It’s so easy for us to think that if we belong to God, that if we rest securely in the arms of the King of the universe, that we should be shielded and protected from every sorrowful thing, every pain and trouble, every affliction, and instead, enjoy only wonderful things, joys and pleasures in this life, right? But, instead, what happens? Believers suffer. “Why Lord? Why this? Why now? Why me? Why this person or that person?” God has never promised us an easy earthly life, rather, Jesus said, “Whoever wants to come after me MUST deny himself, take up his cross, and follow me.”
This we know about all our suffering: our loving, kind Father permits it all for a reason. In fact, He even wills it. Nothing can happen in this world without first going through God. No, God does not want or will the evil that happens in this world, nor is He responsible for it. Evil and wicked things happen in this world because of sin, because of Satan, because of sinful wicked people. But, God who has the ability to intervene, to thwart, to stop the wicked in this world, often from what we see, He does not. Why? Because our all powerful God is so powerful that He can actually use the wicked actions of people for the good of His people.
So, commit yourself to your faithful Creator! First, because He’s in control. God never loses control of events in this world. Things never get out of hand for Him. God sets definite limits to wickedness. God never asks us to bear more than we are able. God promises to give us strength to carry every carefully measured load that He gives us! We don’t carry burdens one moment longer than God wills it. God is in control!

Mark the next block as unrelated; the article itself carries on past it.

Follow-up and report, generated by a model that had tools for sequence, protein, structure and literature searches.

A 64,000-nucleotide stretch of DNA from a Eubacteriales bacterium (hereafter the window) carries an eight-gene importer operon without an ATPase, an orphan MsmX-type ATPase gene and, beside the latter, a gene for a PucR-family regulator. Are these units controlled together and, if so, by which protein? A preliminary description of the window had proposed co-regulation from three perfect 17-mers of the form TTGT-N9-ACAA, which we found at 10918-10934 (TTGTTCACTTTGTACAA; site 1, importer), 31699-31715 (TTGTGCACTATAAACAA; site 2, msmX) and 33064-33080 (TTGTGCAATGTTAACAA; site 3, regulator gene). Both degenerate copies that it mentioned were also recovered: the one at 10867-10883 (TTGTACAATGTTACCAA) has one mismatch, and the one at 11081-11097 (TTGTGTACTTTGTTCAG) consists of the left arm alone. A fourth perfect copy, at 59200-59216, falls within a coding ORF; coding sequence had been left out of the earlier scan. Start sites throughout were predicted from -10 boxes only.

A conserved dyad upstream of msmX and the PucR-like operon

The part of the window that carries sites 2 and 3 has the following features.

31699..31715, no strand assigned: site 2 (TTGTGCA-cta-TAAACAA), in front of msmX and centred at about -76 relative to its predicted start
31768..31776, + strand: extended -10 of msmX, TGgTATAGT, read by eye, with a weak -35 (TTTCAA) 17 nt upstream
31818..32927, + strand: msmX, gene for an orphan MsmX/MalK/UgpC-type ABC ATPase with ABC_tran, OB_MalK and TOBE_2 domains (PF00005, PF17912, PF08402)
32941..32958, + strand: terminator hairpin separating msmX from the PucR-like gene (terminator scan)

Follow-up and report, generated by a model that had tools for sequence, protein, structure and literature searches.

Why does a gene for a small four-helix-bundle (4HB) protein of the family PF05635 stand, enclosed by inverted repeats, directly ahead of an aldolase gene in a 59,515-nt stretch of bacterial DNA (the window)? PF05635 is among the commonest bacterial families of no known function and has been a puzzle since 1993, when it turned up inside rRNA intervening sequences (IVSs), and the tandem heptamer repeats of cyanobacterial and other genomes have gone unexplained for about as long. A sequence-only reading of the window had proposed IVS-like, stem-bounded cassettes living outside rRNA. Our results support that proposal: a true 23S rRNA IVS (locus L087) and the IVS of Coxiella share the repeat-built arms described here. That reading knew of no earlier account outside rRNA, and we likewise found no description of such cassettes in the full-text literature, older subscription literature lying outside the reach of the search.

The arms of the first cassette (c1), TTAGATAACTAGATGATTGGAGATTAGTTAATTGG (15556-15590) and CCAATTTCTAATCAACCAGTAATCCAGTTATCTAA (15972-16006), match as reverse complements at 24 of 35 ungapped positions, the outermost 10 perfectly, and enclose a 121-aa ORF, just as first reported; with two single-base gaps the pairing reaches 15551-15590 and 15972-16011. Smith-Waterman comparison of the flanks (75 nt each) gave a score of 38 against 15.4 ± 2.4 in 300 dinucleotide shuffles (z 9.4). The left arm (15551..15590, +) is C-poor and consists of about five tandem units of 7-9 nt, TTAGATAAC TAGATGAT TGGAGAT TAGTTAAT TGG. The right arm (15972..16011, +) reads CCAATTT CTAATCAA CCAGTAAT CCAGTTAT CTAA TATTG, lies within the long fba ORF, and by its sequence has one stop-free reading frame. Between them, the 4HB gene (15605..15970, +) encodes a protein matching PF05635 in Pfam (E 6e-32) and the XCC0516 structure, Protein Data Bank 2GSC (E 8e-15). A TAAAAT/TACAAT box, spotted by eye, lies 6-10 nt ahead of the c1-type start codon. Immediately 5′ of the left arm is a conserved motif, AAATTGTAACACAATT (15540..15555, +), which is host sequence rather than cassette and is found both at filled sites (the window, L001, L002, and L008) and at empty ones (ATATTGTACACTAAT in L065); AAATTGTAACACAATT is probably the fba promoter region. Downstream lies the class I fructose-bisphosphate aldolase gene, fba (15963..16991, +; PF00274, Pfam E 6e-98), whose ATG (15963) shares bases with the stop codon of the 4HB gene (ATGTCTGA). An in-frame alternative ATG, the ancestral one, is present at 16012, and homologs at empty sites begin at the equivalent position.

Commit yourself to your faithful Creator! Second, because God is deeply concerned about His Word. When we suffer because we are Christian, God is fulfilling His Word. Jesus said, “If anyone wants to come after me he must deny himself, take up his cross, and follow me.” In a way Suffering shows us that God keeps His Word. God’s Word is absolutely dependable and that means we can rejoice in the midst of suffering because when God says we’re forgiven, we are, when God says He’s with us, he is, when God says He’s leading us home to heaven, He is. His Word is absolutely dependable!
Finally, commit yourself to your faithful Creator! Lastly, because He always has a purpose in view. Things don’t just happen by chance. There is NO such thing as blind fate. So why does God permit crosses to fall on His people? It’s not punishment! God’s people are NEVER punished; they are only corrected or disciplined. Jesus suffered all our punishment and God will NOT punish the same sins twice. So whenever we face difficulty it is sent by God without even a trace of punishment in it, but only love to drive us closer to Him. Crosses come into our lives to strip us away from our love affair with this world and lead us to cling only to our Lord.
And that’s what’s so important. Suffering leads us to depend only on Jesus. With Jesus we have everything that we need. With Jesus we have forgiveness. With Jesus we have eternal life. So with Jesus we can face… anything. How did those believers do it? How were they willing to die rather than deny their faith? Because in Jesus they had everything. In Jesus you too have everything and that means with Jesus you can face absolutely anything in this life with joy, with confidence and continue to do good. Commit yourself to Him. Amen.
Musical introduction: Holy Spirit, Light Divine by Kari Ekhoff